Monsoons can be fatal for the Indian roads---more so in MMR (Mumbai Metropolitan Region) administered by the MMRDA (Mumbai Metropolitan Region Development Authority), an urban conglomeration of eight municipal corporations, nine municipal councils and 1000 villages according to their website, covering a large geography of 4, 355 sq. km, adjoining the financial hub of Mumbai.The boom in the central and western suburbs in last one decade has been phenomenal as the people working in Mumbai or New Mumbai seek homes and ancillary facilities in less-pricey peripheral towns covered under the umbrella body of MMRDA. However, the market hype does not match the ground zero in the MMR, a sad fact that can be a negative in the large-term development of the territory being planned as independent and integrated urban spaces for smart investors. The worst is witnessed during four months of the rains along the coastal belt of Mumbai.
The rains batter and leave the infra in shambles in and around Mumbai. And people are complaining. “It is highly regrettable. The growth of the area is not as per the promises of the urban bodies and MMRDA and the mismatch between promised facilities and daily experiences of the consumers can be a turn off in the long run for both the realtors and buyers in this huge area. Infra is real bad across the suburbs, more so in monsoons. It takes more than an hour to reach Kalyan from Thane during the rains, a journey of hardly 45 minutes otherwise.Road craters, long jams and accidents are common on highways and internal city roads here in MMR. The overall costs of commuting by roads is enormous for the middle-class residents of the region, once touted as the best planned area of the world,” says Bharat Malik, one of the prominent realtors of the MMR. Another important realtor Vinod Mishra believes that lot of mess is due to lack of coordination among the urban bodies and an overseeing agency tasked with the overall monitoring of the costly infra projects, “The main problem is that there is no centralized authority to oversee the development of such a vast territory.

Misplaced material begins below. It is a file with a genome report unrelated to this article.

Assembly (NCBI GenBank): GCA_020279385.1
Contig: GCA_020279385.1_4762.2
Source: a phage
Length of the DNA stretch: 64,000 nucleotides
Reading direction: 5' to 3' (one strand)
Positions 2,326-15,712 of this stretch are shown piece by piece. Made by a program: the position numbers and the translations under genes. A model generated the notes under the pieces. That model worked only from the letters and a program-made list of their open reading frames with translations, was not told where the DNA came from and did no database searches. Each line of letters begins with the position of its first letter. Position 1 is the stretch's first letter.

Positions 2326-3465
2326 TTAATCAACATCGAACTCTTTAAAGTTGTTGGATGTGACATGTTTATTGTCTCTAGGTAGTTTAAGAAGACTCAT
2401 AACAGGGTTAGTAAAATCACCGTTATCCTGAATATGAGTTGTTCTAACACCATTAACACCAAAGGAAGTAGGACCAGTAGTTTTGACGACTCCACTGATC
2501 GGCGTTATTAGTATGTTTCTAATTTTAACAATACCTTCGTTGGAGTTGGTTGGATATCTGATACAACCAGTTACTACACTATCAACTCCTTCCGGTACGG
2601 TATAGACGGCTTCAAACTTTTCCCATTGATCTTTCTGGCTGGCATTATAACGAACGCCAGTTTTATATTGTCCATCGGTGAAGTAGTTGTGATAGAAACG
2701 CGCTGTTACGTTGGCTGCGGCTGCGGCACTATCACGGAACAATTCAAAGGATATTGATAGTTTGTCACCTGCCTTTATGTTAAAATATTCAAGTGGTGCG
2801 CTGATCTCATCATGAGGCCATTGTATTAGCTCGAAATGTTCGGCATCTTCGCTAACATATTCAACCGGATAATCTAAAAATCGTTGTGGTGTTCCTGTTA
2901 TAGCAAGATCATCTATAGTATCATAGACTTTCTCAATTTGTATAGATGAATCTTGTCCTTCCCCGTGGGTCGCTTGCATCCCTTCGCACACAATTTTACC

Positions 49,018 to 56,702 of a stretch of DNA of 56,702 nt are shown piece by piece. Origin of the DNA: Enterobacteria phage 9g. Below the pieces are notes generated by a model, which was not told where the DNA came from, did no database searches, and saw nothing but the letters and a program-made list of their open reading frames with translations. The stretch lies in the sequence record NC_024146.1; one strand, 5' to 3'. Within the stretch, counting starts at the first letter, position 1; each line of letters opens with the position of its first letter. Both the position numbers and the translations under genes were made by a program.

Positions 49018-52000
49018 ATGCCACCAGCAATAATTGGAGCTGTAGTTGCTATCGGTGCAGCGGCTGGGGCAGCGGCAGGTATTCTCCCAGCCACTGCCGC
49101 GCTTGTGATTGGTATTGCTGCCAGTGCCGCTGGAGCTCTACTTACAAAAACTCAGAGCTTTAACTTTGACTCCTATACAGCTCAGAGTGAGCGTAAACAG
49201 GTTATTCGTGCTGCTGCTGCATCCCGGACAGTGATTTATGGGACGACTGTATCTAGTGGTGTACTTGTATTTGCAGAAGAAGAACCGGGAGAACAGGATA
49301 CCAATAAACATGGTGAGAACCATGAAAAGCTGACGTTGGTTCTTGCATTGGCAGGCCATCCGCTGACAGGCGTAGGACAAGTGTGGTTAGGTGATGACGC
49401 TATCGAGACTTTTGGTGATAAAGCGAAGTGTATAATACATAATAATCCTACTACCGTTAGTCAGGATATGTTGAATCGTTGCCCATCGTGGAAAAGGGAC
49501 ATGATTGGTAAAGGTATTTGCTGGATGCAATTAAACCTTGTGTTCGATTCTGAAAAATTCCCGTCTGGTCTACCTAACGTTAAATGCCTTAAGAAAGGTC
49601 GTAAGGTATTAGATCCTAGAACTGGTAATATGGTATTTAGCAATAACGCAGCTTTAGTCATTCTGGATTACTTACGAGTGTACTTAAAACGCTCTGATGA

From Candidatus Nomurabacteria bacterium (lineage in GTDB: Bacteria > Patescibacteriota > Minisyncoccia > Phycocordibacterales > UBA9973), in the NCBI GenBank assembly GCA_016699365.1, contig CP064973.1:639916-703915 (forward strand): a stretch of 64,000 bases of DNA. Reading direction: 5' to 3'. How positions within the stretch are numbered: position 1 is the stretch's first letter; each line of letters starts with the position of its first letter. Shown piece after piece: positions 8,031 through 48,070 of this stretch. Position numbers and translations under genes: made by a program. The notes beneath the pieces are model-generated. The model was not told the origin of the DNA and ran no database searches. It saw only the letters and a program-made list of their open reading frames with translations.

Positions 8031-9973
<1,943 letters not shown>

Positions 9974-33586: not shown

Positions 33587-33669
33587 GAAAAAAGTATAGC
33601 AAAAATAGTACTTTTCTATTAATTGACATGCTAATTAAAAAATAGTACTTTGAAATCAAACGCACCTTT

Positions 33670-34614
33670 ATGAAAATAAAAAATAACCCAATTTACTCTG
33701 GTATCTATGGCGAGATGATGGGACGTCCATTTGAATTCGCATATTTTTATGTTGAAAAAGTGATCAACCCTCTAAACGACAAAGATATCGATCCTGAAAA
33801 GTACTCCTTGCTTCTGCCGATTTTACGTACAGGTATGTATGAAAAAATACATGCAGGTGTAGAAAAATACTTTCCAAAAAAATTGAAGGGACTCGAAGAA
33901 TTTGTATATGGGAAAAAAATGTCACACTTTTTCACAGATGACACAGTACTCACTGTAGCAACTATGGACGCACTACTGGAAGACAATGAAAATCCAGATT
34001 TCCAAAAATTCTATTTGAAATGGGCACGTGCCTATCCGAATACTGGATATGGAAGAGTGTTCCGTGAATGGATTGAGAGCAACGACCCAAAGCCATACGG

Then there is no strict monitoring of the work being done at the urban- body levels, as so many agencies are involved. The monsoon season washes away roads annually but the defect liability clause is hardly used against the contractors by the competent authorities. So the problems continue for the citizens in the MMR. It is a recurring and costly nightmare for all of us living here!” Others agree. Rohit Jadhav, a young entrepreneur, from Kalyan, observes, “Operating businesses along the state or national highways is difficult due to the poor infra.I have got a petrol pump near the kalian- Murbad highway. It is full of huge craters and potholes. It gets flooded during heavy rains. Previous night, Sunday, August 20, there were fatalities also due to flash flooding and poor visibility and roads. Most involve bikers or two wheelers and are avoidable young deaths. Commuting is hardly smooth over the broken road network in the season and the long delays and jams are frustrating.”
Despite efforts, the local PWD authorities could not be reached for their comments.
Hope Central ministries of urban development and surface transport are listening!